For an American living in Israel, there are many similarities, but a great many differences and even oddities, about Israel’s democratic process that leave one scratching one’s head. As the only true democracy in the Middle East, Americans are right to have an affinity for and kinship with Israel, but the democratic system is very different. One might say that Israel is a democracy on steroids. With Israelis set to go to the polls on January 22, it’s useful to understand about how Israelis vote, and how the process works. While in the US, one typically votes for a candidate affiliated with a specific political party, in Israel’s parliamentary democracy, one votes for a political party, each with its’ own internal process of selecting a slate of candidates to represent it. Some of these parties have democratic processes to select their slate of candidates, and others hand pick who they want in a less than democratic way, analogous to picking an all-star sports team, selecting players who (they think) will help them win.
In the upcoming election, 34 parties are vying for seats in the parliament (Knesset), whose 120 members are selected as a proportion of the vote that their party receives out of all the votes cast. Presumably all parties come up with optimistic lists of 120 members in the odd situation that they win all the votes. But the reality is that no one party is expected to win more than a third of the votes. None have ever won more than 50%.
However, in order to get in the Knesset, any party must pass a threshold of two percent of the votes. Any party that does not reach that benchmark, and most wont, don’t serve. Some say that the threshold should be raised to five percent in order to limit the often complicated issues of having more than a dozen political parties in parliment, each with their own parochial agendas, trying to propose and pass legislation.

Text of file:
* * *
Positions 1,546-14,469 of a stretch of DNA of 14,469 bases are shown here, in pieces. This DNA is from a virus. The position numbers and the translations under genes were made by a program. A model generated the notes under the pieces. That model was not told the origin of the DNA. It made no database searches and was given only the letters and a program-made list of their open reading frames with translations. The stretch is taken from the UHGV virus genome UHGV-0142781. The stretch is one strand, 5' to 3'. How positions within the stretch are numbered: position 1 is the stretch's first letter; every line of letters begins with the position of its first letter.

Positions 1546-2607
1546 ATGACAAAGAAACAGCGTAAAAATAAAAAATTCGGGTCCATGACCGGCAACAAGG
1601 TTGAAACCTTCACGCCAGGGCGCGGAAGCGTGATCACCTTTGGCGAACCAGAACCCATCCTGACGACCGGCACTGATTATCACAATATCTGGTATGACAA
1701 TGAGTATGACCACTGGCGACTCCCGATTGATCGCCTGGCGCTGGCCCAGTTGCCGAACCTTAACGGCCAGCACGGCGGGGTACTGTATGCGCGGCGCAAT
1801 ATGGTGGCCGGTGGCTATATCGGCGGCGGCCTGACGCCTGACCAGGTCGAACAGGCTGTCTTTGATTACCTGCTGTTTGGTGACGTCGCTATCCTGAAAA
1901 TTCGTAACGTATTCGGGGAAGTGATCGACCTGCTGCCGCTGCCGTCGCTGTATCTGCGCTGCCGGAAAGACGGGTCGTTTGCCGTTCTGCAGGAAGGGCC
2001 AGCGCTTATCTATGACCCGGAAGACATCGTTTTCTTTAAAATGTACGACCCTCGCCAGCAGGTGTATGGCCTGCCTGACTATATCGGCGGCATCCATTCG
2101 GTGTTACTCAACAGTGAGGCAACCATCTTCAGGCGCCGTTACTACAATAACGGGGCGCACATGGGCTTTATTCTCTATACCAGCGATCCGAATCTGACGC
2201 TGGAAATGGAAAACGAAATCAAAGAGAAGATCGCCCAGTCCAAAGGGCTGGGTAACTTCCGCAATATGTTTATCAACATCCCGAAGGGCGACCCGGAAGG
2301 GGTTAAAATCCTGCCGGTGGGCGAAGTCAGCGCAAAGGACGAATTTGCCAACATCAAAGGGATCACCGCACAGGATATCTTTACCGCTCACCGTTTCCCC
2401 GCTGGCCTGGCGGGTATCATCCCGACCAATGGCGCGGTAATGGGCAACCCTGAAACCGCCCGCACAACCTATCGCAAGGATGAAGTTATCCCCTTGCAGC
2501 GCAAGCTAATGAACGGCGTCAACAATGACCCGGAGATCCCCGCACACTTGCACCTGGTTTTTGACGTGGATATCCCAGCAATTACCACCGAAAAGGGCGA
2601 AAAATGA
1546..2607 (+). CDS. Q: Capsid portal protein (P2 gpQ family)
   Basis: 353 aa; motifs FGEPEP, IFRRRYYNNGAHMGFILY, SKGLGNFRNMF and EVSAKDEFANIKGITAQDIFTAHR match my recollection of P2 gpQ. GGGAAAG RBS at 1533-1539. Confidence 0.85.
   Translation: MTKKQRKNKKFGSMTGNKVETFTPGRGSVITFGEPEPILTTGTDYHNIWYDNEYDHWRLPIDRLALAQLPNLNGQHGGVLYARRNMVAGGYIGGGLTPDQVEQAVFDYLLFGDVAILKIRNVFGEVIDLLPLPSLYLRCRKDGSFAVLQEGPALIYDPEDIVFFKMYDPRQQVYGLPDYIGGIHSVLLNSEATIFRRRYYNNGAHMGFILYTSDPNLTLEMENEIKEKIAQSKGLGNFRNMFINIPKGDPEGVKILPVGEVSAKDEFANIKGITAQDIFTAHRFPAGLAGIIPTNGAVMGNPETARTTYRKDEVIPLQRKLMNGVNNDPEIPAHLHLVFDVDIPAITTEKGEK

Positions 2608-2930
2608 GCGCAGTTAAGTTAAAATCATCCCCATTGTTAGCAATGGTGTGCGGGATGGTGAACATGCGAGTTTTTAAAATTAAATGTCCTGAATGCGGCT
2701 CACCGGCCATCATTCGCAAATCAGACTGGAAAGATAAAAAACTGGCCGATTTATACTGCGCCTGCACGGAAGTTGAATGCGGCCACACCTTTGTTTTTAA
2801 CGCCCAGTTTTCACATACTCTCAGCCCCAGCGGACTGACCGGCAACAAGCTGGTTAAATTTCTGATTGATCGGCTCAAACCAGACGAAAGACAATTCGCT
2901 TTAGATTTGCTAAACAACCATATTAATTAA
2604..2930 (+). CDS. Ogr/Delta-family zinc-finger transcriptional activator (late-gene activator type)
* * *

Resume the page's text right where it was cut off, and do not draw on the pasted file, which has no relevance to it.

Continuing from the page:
This is my third election cycle living in Israel. Because ours is a parliamentary democracy, while a government does have a fixed term, any number of things can happen to initiate early elections as we did this year. This is actually the norm as no Prime Minister (PM) in recent years has ever served his or her full term. And, yes, Israel is also unique in having had one female PM, one female acting President, and two of the leading parties this year are headed by women.
When I first tried to describe the election process here, I described it as a three dimensional chess game, where two opponents play against one another, each planning his own (and projecting his opponents’) next moves that will impact the outcome of the game, but doing so with two other games taking place in parallel planes that you cannot influence, but whose moves impact the outcome of your game, and where your moves impact the outcome of theirs.
In more contemporary and seasonal terms, it’s like the Falcons and 49ers planning their upcoming NFC playoff game strategies while plays in the Ravens and Patriots AFC game also impact the NFC game, each play in the AFC playoff also impacting the NFC playoff, and vice versa, even before the two winners meet in the Super Bowl.
Full Article: Understanding Israeli Democracy | First Person Israel.